Opening a high-yield savings account is an effortless way to get your money to make more money for you. Compared to the 0.09 percent average interest (at time of publication) you’ll earn with a basic savings account, your money could earn you 10 to 20 times the interest were you to put it in a high-yield savings account that has a 1.70 percent APY, or annual percentage yield. Be sure to shop around for the best high-yield savings account online as some banks do require the account holder to keep a minimum account balance.
3. Not Planning for Retirement
Although millennials may face a lot of flack for many things, saving for retirement isn’t one of them. According to a recent Forbes article, 71 percent of working millennials are saving for their retirement. And, not only are they saving, they’re doing so at a younger age – 24 – than their Gen X predecessors, whose median age for saving for retirement was 30. However, Gen Y millennials also seem much more averse to putting their money into the stock market or long-term investments.
Millennials tend to place their money primarily into stable investments such as bonds, money market accounts or savings accounts, and 66 percent of millennials aged 18 to 29 feel as though the stock market is intimidating, states the Forbes article.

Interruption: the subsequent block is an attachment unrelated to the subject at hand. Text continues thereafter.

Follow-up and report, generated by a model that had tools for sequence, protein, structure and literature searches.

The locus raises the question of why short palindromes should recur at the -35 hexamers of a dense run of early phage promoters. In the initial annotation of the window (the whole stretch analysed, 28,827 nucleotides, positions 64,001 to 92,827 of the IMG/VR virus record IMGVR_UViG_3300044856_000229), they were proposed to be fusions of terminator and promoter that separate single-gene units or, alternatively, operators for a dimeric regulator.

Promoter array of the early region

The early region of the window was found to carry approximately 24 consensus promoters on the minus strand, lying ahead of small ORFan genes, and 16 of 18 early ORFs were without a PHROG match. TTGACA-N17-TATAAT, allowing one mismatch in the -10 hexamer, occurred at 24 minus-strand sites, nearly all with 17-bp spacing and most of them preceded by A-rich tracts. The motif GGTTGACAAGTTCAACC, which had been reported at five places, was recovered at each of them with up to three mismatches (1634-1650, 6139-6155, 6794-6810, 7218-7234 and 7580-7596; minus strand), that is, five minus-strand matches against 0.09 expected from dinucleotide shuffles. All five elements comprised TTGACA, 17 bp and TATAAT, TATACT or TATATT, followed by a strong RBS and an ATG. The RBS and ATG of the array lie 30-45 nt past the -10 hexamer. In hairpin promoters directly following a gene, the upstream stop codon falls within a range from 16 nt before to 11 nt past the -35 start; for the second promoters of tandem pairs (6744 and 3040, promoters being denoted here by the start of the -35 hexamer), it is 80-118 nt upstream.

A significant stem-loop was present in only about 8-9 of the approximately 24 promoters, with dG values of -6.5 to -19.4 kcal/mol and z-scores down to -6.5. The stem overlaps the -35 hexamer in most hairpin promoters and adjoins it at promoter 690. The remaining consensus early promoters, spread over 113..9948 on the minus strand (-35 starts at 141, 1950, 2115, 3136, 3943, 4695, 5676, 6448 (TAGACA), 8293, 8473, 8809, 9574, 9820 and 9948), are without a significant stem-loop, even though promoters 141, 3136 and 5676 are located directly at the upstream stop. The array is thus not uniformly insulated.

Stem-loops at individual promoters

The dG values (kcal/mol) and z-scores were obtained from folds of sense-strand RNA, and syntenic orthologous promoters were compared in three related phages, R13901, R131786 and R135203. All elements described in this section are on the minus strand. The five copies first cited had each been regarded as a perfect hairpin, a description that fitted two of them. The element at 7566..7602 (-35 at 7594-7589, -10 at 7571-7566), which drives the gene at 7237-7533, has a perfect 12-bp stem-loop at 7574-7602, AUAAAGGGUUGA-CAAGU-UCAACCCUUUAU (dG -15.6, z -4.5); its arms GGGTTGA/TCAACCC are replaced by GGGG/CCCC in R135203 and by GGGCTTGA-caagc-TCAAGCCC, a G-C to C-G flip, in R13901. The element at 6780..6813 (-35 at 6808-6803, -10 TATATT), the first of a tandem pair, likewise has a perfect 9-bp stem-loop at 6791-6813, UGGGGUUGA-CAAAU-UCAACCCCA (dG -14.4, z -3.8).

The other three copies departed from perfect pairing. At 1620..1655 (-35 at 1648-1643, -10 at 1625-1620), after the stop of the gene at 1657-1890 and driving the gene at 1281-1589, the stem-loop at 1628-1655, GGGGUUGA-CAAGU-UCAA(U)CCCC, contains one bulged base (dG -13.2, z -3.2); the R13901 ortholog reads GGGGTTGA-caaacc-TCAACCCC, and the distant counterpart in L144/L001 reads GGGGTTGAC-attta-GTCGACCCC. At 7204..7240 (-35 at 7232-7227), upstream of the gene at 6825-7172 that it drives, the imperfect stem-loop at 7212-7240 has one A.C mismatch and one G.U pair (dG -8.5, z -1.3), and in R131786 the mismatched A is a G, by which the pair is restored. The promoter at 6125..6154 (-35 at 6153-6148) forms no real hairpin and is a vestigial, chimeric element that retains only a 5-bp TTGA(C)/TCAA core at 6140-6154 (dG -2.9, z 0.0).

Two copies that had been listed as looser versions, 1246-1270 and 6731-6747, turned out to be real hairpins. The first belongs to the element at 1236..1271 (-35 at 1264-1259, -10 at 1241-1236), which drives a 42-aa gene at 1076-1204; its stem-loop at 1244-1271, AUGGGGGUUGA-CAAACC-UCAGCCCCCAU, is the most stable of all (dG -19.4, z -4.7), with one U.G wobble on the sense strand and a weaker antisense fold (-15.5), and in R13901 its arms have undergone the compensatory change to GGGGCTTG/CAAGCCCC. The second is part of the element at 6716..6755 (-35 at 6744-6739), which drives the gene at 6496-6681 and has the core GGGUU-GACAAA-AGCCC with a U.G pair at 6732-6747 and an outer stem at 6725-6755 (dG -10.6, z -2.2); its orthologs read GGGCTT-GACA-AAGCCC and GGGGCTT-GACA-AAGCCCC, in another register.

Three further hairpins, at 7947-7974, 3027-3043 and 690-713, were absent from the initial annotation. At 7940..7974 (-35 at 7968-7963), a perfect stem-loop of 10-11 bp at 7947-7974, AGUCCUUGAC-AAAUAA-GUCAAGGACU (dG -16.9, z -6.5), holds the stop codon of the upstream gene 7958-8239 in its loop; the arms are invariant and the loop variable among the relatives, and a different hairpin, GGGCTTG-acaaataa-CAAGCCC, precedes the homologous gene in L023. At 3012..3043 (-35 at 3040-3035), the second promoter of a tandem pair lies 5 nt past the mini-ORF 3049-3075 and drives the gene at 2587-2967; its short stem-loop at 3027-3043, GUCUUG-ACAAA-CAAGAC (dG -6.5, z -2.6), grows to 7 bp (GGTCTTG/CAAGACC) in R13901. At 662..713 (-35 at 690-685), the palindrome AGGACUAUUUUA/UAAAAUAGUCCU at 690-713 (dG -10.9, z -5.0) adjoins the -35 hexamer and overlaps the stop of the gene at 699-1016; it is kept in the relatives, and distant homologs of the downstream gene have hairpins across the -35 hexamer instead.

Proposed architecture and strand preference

This reluctance to invest in long-term retirement vehicles such as IRAs, 401Ks or in the stock market means that many millennial portfolios aren’t as diversified – or taking the best advantage of higher investment growth potential and tax credits – as they could be. Sitting down and speaking with a certified financial planner would go a long way in helping you determine how to appropriately diversify your savings and investments. Doing this will ensure that when your retirement years arrive, you’ll have a nice nest egg waiting for you.
4. Using Credit Irresponsibly